Implementing pulse-width modulation in assembly code to achieve the correct fade-out effect was a lot of fun to do. I think I even presented the code to class using an overhead projector. Never did I see people looking more confused. 😉
This 3.5-day course given by Remco Claasen was the one of the most intense and confronting experiences I have been through in my career. It is also by far the best training I ever had. Remco has thought me an indispensable practice in life: how to assess your energy levels and to act on this. At its core this is about eliminating energy-draining activities and focussing on the things you enjoy doing most, then applying these things in a way which are benificial to the people around you. Believing that this will lead to a better and happier life.
It may sound obvious, but in reality it is undeniably hard to give in to a gut feeling telling you that you might be heading down the wrong path and to make concrete plans to change direction and fix this. Luckily Remco’s training gives you the guidance needed to make a head start in this, by writing down your mission statement.
I am proud to share my own mission statement here: “I, Matthijs Langenberg, use creativity and entrepreneurship for my own development and that of others. I am a problem solver and enjoy the appreciation I get from impacting the lives of others. I am ready to help friends and the people around me and I have fun in living a comfortable life together."
In this year, I transitioned into a full-time leadership role at Nedap and wanted to further improve my qualities in developing people. While I initially thought my growth would be in the area of output management, I learned that I can have a much greater impact by being more open to others and by sharing what I truly feel and think with people. Even if these thoughts make me feel insecure.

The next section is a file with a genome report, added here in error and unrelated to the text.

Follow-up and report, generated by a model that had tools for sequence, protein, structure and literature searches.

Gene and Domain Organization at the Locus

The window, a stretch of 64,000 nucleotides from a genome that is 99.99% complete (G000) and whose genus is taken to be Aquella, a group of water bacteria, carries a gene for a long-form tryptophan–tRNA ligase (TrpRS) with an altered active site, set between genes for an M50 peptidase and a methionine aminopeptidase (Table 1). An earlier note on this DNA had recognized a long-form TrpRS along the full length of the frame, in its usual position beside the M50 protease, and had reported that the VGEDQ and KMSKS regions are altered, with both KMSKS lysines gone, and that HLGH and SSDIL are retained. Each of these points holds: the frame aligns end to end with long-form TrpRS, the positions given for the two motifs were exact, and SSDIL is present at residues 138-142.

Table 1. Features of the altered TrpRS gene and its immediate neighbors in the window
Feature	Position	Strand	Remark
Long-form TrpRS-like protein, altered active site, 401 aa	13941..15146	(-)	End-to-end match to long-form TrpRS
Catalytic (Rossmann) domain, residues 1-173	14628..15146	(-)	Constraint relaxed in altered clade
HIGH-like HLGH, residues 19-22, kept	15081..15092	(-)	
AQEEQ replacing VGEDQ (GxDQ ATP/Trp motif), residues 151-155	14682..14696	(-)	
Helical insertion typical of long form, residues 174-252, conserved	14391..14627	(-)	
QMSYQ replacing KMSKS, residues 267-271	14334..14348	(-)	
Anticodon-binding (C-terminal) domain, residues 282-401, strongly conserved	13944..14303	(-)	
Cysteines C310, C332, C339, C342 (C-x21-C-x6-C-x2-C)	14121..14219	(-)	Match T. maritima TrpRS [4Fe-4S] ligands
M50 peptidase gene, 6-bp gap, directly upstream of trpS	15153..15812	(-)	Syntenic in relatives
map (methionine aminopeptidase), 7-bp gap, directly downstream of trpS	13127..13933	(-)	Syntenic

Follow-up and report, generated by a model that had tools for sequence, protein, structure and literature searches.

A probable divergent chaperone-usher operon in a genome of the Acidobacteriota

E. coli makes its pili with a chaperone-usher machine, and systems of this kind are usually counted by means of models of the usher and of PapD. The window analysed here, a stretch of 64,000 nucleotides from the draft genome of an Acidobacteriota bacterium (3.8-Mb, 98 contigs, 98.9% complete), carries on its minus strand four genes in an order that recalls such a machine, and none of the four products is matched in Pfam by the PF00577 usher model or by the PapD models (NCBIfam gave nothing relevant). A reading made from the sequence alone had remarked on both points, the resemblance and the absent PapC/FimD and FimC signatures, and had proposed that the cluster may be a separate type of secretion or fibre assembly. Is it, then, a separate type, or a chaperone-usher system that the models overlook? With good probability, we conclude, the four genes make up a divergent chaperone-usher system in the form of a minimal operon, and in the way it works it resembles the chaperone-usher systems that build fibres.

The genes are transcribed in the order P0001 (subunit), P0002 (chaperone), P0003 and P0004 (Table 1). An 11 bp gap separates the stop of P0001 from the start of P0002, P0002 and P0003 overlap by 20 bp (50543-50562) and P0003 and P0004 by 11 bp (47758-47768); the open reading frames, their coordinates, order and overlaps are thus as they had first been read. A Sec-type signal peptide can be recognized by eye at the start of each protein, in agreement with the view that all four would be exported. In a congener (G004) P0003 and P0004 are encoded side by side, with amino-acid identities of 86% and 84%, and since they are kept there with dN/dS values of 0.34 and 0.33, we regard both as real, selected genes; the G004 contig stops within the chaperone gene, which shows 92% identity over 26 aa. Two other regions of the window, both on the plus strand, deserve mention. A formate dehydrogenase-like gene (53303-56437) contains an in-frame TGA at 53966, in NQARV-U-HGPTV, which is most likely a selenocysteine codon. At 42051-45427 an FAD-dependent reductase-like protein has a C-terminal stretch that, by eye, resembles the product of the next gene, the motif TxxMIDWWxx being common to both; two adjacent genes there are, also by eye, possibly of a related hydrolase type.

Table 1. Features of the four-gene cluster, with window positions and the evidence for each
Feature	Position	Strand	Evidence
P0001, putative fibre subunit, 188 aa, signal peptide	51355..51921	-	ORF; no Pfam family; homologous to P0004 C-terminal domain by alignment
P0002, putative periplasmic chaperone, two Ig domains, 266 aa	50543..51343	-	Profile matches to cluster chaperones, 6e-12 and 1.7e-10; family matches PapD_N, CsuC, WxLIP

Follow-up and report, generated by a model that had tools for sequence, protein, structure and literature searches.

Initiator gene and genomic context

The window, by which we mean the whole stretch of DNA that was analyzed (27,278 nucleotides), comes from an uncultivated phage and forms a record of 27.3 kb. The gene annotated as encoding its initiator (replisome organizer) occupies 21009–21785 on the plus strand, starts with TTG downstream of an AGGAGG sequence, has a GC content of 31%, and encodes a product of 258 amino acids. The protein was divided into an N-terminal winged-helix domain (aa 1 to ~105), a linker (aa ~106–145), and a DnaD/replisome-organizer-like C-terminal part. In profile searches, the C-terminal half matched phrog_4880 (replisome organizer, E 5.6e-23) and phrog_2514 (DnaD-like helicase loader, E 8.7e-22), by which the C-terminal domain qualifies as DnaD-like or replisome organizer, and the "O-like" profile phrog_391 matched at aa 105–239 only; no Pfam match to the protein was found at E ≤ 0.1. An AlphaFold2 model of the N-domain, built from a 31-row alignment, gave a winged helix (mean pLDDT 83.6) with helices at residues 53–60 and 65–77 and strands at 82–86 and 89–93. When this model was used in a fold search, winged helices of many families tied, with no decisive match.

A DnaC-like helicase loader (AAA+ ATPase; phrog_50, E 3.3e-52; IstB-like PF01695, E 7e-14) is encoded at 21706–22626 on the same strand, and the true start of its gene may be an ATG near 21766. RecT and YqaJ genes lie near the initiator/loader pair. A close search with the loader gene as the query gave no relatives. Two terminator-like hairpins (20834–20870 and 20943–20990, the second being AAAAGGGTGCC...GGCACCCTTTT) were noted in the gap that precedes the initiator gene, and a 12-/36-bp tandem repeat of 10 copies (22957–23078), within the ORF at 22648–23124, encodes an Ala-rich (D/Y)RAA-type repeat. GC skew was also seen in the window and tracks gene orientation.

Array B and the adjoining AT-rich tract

Since I have studied computer engineering, a compiler course was never part of my curriculum. However I did study digital signal processing and writing assembly. In my day job, I only use high level programming languages. So I took the opportunity to follow an online course to bridge the two domains and write my own compiler by hand.
In this course, writing a full compiler including lexical analysis, parsing, type checking and code generation was satisfactorily completed. I also completed a theoretical exam in lexical analysis, parsing, syntax-directed translation, abstract syntax trees, types and type checking, intermediate languages, dataflow analysis, program optimization, code generation, and runtime systems.
Programming is just a tool to solve problems that people perceive. The true difficulty lies in understanding the question behind the question. This can only be understood by observing instead of listening.
By following the online HCI course I have learned how to design technologies that bring people joy, rather than frustration. Using human-centered design skills, I learned principles and methods to create excellent interfaces with any technology.